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Cotton: Irrigated on target, untimely rain hurts 'phenomenal' dryland

Oklahoma State Cotton Specialist Seth Byrd discusses 2020 irrigated and dryland cotton crop.

Shelley E. Huguley, Editor

September 14, 2020

Oklahoma producers planted both irrigated and dryland cotton in a "tight window" following early to mid-May rainfall. Oklahoma State University State Cotton Specialist Seth Byrd discusses the crop's progress. 

"Most of that cotton looks really good, especially the irrigated," Byrd says. "It's finished on time and it's right where we want it to be at the end of August, early September."

Dryland is another story. 

"Dryland looked good. We had some phenomenal looking dryland going into August," Byrd says. But untimely rainfall dashed the region's high hopes. 

To learn more about the status of the dryland crop and upcoming virtual field days for late-season cotton management, watch this video. Photos displayed in the video are from the 2019 Carnegie Gin Cotton Tour.

Also, see, Freeze barely misses Oklahoma, concerns about cloudy, cool conditions

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About the Author(s)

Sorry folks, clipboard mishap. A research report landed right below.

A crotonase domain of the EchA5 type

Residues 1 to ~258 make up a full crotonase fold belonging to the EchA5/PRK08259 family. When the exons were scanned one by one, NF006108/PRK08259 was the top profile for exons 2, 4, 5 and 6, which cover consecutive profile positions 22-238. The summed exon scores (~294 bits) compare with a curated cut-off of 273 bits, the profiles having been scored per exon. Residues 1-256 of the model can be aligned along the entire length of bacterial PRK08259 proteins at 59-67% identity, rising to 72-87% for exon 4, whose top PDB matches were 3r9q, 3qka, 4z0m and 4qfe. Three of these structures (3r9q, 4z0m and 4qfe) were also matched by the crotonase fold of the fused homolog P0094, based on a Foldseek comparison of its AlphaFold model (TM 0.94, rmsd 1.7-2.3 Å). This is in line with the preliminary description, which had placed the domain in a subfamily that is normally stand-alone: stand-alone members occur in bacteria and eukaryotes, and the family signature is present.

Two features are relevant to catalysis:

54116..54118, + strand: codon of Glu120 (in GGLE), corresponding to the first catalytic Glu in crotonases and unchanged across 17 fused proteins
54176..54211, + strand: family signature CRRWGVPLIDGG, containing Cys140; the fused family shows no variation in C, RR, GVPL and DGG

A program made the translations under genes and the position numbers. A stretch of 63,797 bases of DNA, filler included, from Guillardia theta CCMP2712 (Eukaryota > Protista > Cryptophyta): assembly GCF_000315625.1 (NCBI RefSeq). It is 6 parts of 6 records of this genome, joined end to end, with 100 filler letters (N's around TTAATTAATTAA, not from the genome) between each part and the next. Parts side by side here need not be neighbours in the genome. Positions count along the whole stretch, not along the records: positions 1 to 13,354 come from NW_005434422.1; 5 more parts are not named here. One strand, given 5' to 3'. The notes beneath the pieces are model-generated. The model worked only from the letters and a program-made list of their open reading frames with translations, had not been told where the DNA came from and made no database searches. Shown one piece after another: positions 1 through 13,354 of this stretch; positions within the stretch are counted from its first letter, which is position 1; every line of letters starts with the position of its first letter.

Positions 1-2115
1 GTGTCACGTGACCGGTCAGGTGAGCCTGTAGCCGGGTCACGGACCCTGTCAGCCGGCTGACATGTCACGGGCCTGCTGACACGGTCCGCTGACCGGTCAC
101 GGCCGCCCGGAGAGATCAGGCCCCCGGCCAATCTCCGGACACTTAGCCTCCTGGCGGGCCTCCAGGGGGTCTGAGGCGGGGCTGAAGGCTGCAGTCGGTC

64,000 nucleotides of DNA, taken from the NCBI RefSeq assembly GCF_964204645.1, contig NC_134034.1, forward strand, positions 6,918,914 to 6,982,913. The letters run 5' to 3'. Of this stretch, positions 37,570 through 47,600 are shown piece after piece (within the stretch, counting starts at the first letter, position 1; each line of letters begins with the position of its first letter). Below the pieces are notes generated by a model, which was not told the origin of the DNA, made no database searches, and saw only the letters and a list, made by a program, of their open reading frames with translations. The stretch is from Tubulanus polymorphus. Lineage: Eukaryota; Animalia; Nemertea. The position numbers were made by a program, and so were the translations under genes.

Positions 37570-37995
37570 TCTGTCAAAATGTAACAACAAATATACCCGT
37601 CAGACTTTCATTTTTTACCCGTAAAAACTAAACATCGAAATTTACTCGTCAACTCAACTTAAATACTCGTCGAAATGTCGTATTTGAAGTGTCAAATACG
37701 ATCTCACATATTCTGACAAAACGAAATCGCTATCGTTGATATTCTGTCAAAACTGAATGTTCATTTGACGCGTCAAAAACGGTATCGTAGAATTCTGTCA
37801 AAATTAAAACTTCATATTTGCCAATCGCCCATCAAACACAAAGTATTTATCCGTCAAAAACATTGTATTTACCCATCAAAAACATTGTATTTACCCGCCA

Shelley E. Huguley

Editor, Southwest Farm Press

Shelley Huguley has been involved in agriculture for the last 25 years. She began her career in agricultural communications at the Texas Forest Service West Texas Nursery in Lubbock, where she developed and produced the Windbreak Quarterly, a newspaper about windbreak trees and their benefit to wildlife, production agriculture and livestock operations. While with the Forest Service she also served as an information officer and team leader on fires during the 1998 fire season and later produced the Firebrands newsletter that was distributed quarterly throughout Texas to Volunteer Fire Departments. Her most personal involvement in agriculture also came in 1998, when she married the love of her life and cotton farmer Preston Huguley of Olton, Texas. As a farmwife, she knows first-hand the ups and downs of farming, the endless decisions made each season based on “if” it rains, “if” the drought continues, “if” the market holds. She is the bookkeeper for their family farming operation and cherishes moments on the farm such as taking harvest meals to the field or starting a sprinkler in the summer with the whole family lending a hand. Shelley has also freelanced for agricultural companies such as Olton CO-OP Gin, producing the newsletter Cotton Connections while also designing marketing materials to promote the gin. She has published articles in agricultural publications such as Southwest Farm Press while also volunteering her marketing and writing skills to non-profit organizations such as Refuge Services, an equine-assisted therapy group in Lubbock. She and her husband reside in Olton with their three children Breely, Brennon and HalleeKate.

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